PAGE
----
Where have I said anything even remotely that this would be an honest evaluation and response to?

                “keep telling yourself there’s no utility, it’s not a currency, people board, bubble, ponzi, whatever,…”

                I haven’t said any of this.

                “Honest dissent.”

                Strawmen and red herrings aren’t honest.

          • Martin BrockNo Gravatar says:

            >If you’d actually follow bitcoin news, like us pro-bitcoiners do, you’d know that Overstock would like to keep bitcoins, but because there’s no hedge possibility yet to defend this move towards shareholders.

            Coinbase hedges the risk in this scenario, i.e. it agrees to pay a specified dollar price without an assurance that it can sell the Bitcoin it accepts for this price.

            >But a true bitcoin-neutralist wouldn’t give a shit anyway, right?

            I don’t give a shit. I’m happy for you to sell Bitcoin for dollars before buying stuff at Overstock. I don’t want to interfere with your transactions in any way. I’m only discussing the nature of the transactions here.

            My point is not that you’re doing anything wrong either by buying Bitcoin expecting its dollar value to rise or by selling Bitcoin to buy things at Overstock. I don’t think you’re doing anything wrong in either case.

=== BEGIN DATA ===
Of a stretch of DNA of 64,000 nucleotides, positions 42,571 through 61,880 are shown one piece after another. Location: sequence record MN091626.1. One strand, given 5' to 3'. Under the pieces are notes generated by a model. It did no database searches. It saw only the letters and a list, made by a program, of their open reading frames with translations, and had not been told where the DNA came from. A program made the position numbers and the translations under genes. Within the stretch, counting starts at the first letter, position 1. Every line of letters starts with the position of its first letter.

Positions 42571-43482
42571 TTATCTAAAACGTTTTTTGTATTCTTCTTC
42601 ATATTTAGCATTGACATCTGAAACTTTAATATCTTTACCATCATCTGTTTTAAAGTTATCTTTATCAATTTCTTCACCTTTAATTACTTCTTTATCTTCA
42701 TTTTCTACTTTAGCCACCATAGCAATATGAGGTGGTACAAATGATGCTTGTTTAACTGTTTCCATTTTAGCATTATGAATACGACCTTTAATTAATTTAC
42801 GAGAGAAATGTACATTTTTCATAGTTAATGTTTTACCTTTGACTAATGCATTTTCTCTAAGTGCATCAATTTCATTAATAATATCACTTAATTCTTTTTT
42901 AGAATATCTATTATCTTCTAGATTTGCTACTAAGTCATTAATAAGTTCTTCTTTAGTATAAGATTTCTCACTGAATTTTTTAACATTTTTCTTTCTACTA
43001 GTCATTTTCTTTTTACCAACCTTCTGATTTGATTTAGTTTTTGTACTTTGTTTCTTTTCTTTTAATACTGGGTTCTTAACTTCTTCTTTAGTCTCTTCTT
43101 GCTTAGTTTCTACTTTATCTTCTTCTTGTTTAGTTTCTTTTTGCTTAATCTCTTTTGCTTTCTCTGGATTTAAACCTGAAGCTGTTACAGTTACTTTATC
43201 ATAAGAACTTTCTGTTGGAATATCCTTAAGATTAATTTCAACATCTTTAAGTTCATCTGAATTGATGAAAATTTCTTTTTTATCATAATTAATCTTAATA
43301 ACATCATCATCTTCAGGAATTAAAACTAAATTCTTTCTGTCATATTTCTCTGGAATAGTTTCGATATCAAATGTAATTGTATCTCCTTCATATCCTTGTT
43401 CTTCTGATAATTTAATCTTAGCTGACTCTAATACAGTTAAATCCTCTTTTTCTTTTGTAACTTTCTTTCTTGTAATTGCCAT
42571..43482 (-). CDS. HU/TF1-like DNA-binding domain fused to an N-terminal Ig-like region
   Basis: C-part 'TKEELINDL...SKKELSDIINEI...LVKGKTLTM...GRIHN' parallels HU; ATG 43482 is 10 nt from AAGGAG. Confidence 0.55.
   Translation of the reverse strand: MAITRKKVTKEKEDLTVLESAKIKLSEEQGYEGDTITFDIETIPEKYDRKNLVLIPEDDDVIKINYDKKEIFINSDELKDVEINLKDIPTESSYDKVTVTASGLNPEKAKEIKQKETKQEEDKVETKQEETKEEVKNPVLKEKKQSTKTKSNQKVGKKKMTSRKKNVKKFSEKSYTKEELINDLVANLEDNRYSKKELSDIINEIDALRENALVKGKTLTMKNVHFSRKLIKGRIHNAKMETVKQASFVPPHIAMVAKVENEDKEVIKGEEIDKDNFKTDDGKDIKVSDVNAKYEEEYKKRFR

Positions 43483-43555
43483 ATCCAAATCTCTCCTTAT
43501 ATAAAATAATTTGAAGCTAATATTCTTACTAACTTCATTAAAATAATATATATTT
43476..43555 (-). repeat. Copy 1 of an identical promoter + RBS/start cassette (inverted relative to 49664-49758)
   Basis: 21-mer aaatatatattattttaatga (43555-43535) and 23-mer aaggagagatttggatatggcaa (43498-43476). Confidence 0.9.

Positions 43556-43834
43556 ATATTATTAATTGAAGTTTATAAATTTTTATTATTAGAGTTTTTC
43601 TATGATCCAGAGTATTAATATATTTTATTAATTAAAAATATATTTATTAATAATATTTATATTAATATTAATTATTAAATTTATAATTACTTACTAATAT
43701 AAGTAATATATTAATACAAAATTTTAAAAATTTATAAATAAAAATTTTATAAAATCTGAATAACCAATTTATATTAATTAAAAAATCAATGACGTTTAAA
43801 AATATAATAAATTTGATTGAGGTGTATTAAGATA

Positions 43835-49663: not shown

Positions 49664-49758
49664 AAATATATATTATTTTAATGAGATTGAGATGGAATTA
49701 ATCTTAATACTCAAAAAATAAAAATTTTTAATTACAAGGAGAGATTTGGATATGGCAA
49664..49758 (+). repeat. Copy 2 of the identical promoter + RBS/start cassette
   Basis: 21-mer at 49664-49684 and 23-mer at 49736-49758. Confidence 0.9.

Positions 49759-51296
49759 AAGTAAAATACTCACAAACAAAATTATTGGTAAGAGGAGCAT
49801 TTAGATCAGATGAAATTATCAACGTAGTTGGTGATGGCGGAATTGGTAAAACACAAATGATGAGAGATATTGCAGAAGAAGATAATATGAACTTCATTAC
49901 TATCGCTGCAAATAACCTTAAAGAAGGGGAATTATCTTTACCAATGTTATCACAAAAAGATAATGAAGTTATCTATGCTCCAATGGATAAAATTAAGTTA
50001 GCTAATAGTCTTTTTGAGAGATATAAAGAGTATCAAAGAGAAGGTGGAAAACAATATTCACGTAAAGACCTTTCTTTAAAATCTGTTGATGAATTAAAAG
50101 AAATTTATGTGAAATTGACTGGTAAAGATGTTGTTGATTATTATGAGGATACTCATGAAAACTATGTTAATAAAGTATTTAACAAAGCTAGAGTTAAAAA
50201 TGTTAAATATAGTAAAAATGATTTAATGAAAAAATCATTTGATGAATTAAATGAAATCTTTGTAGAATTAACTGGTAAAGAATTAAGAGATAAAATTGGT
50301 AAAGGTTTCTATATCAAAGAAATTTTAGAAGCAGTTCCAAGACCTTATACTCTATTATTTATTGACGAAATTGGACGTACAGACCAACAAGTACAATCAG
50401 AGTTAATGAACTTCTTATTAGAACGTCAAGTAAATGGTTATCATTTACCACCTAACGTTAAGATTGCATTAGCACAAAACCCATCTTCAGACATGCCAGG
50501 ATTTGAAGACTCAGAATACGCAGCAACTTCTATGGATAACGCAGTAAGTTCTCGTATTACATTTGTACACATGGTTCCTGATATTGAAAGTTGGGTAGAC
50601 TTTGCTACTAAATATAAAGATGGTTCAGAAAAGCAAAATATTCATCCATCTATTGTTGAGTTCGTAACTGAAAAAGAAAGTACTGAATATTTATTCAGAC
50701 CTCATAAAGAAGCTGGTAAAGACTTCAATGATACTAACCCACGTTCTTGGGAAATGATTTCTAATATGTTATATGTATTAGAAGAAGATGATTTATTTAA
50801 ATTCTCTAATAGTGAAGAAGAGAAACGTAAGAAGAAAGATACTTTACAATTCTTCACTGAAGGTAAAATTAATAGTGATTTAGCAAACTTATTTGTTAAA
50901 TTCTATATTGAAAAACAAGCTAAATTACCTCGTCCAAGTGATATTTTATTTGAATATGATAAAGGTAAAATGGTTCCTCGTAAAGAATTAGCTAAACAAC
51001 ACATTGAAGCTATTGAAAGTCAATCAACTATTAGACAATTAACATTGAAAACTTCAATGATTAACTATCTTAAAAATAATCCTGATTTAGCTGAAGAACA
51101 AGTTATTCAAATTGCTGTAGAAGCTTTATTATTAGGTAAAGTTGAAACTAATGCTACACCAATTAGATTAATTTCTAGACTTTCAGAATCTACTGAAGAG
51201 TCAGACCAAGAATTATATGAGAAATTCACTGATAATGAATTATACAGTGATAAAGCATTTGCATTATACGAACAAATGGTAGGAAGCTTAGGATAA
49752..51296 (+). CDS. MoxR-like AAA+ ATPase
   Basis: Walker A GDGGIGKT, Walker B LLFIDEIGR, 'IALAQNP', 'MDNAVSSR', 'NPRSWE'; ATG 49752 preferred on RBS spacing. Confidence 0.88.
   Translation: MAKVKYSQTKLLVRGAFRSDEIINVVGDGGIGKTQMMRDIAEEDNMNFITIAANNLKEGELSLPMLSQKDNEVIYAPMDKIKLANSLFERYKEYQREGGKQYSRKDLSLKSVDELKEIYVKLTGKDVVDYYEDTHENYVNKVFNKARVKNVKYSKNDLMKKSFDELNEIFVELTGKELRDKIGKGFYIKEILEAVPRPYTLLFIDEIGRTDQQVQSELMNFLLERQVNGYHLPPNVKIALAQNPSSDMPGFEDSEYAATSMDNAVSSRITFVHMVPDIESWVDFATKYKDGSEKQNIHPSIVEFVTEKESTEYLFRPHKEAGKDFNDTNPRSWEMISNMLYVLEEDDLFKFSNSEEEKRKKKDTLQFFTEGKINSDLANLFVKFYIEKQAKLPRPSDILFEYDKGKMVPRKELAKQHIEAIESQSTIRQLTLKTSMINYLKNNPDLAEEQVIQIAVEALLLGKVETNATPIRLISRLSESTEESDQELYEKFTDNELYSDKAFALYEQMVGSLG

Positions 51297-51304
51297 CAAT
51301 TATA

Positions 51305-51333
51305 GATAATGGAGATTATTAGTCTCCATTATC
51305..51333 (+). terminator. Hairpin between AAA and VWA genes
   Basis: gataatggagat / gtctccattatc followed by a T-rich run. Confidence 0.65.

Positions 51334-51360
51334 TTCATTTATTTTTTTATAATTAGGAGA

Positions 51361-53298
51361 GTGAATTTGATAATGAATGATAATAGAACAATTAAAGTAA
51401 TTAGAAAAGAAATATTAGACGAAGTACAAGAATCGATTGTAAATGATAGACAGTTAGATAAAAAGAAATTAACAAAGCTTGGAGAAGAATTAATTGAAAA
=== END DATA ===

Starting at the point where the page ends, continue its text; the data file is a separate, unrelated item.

My point is that using Bitcoin this way does not make Bitcoin money and does not increase the likelihood that Bitcoin ever becomes money. Money really is a very useful thing, and fiat money is not my preference, but Bitcoin is not the only possible alternative to fiat money. Countless alternatives exist, and assuming that an alternative can replace fiat money anywhere, I don’t expect Bitcoin to win this competition ultimately.

            If, when you buy Bitcoin, you’re betting that Bitcoin ultimately becomes money, understanding these distinctions can help you make a more informed decision, but you’re free to ignore me, dismiss me as a “troll” or whatever.

    • BrodieNo Gravatar says:

      “Needless to say, if someone owns Bitcoin and wants to sell it for dollars before buying something at Overstock.com, that’s fine with me. Owning Bitcoin is fine with me. Selling it for dollars is fine with me. Buying something at Overstock is fine with me.”

      Great. No one asked if it was fine with you.

      “Calling this sequence of events “Overstock.com accepts Bitcoin” is not so fine with me, because it’s extremely misleading to people buying Bitcoin expecting the price the rise on the grounds that Bitcoin’s utility as money is increasing.”

      And yet utility increased. Maybe you define utility differently than I do. http://dictionary.reference.com/browse/utility – the state or quality of being useful; usefulness, it is now more useful because I can now buy goods on Overstock.com whereas I could not before.

      “This sequence of transactions doesn’t make Bitcoin money any more than it makes a share of Google money.”